Handloom as an art is the conduit of discourse through which the vision of the weavers is represented. In doing so, it, therefore, becomes a means towards an end and it is this end which often ends up being perceived as a state bereft of its economics under the guise of institutional preservation. The questions on equitability and worker rights are more important because while we submerge ourselves in the motif, the buoyant aspects of lives and livelihoods rise to the surface time and again.
The handloom sector-related policy formulations in the past have tried to empower the worker through institutional frameworks but they too were not immune to the gradual rusting. Moreover, periodic economic shocks in the past few years while weakening the inherent resilience capacities of the sector and the workers, is also further demotivating younger workers from entering the sector.
In recent times, it has become clear that the future lies in collaborations. Owing to the lockdown, several stakeholders in India and elsewhere came together to form collectives, e-commerce websites and dedicated marketing channels for relieving the stresses of the worker. This is a strong indication showing possibilities within the handloom ecosystem shows its underlying strength.
Therefore, the governance systems will have to integrate the various sectors to foster growth, development and accountability. A comprehensive and dedicated handloom policy is the need of the hour. This handloom policy must strongly streamline the linkages between the various Government Ministries, private entities and stakeholders at the grassroots level.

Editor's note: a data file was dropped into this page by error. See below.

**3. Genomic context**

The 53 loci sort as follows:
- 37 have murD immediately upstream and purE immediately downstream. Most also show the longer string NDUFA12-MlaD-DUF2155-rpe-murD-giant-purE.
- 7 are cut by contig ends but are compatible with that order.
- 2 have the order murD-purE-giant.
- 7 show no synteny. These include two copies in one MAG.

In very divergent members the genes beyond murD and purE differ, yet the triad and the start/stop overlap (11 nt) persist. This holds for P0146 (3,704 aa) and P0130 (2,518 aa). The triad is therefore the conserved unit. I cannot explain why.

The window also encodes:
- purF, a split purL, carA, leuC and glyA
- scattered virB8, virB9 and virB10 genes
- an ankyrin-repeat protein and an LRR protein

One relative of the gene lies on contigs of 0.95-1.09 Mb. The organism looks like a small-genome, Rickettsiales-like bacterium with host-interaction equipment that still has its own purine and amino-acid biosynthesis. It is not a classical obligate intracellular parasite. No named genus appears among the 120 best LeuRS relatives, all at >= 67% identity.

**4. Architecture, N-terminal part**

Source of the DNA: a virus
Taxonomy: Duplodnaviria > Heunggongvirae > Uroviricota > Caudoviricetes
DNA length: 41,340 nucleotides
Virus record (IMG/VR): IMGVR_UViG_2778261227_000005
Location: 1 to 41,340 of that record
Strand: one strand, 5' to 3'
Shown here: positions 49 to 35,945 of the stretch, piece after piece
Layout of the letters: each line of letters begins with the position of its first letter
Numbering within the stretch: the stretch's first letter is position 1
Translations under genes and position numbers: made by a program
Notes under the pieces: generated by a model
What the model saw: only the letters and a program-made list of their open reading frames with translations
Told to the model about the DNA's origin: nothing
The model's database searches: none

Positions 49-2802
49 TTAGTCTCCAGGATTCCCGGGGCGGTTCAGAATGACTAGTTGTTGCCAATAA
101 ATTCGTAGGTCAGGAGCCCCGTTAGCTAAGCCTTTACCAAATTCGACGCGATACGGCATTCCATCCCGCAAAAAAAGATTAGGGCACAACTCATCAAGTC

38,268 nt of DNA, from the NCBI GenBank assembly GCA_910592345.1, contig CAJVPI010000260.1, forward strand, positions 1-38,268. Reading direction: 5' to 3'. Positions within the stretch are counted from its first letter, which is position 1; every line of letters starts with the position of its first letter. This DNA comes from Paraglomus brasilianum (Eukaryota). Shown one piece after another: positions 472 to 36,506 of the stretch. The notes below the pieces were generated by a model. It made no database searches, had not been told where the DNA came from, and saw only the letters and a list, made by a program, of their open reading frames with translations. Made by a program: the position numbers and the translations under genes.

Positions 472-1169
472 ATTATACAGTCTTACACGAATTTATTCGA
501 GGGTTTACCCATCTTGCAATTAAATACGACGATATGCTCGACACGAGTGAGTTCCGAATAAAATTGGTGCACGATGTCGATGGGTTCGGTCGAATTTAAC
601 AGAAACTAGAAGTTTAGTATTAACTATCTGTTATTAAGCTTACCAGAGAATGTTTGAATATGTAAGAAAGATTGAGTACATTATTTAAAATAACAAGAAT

Secondly, it must push for reinstating a platform to take further the voices of workers while streamlining integration of technology - in the loom and in the form of access to the market. Introducing structural remedies starting at the WSCs categorically bridging the information gap, creating avenues for education and welfare of both weavers and allied workers.
Besides this, the handloom sector and the woman weavers and artisans in India are always struggling both in and beyond terms of economics. This was strongly made evident during the ongoing COVID-19 crisis. The weavers in West Bengal also suffered because of the cyclone Amphan.
All in all, the government must identify key vulnerable areas and work on a strong relief package. This is with the goal to have a strong institutional structure based on which the workers in general and women workers, in particular, can actualize their entrepreneurial potentials.
The art and the bearer of the art here, the worker, both are far more dynamic and are able to persist owing to structures of institutions supporting and promoting the spirit with fair trade as the driver. Moreover, just as art is able to over time integrate with the new modernities, the institutions also must evolve to not only facilitate the expansion of the art but also the artist.
By, Nikunj Agarwal, SEWA Bharat and Shantanu Dubey, MEL Associate, SEWA Bharat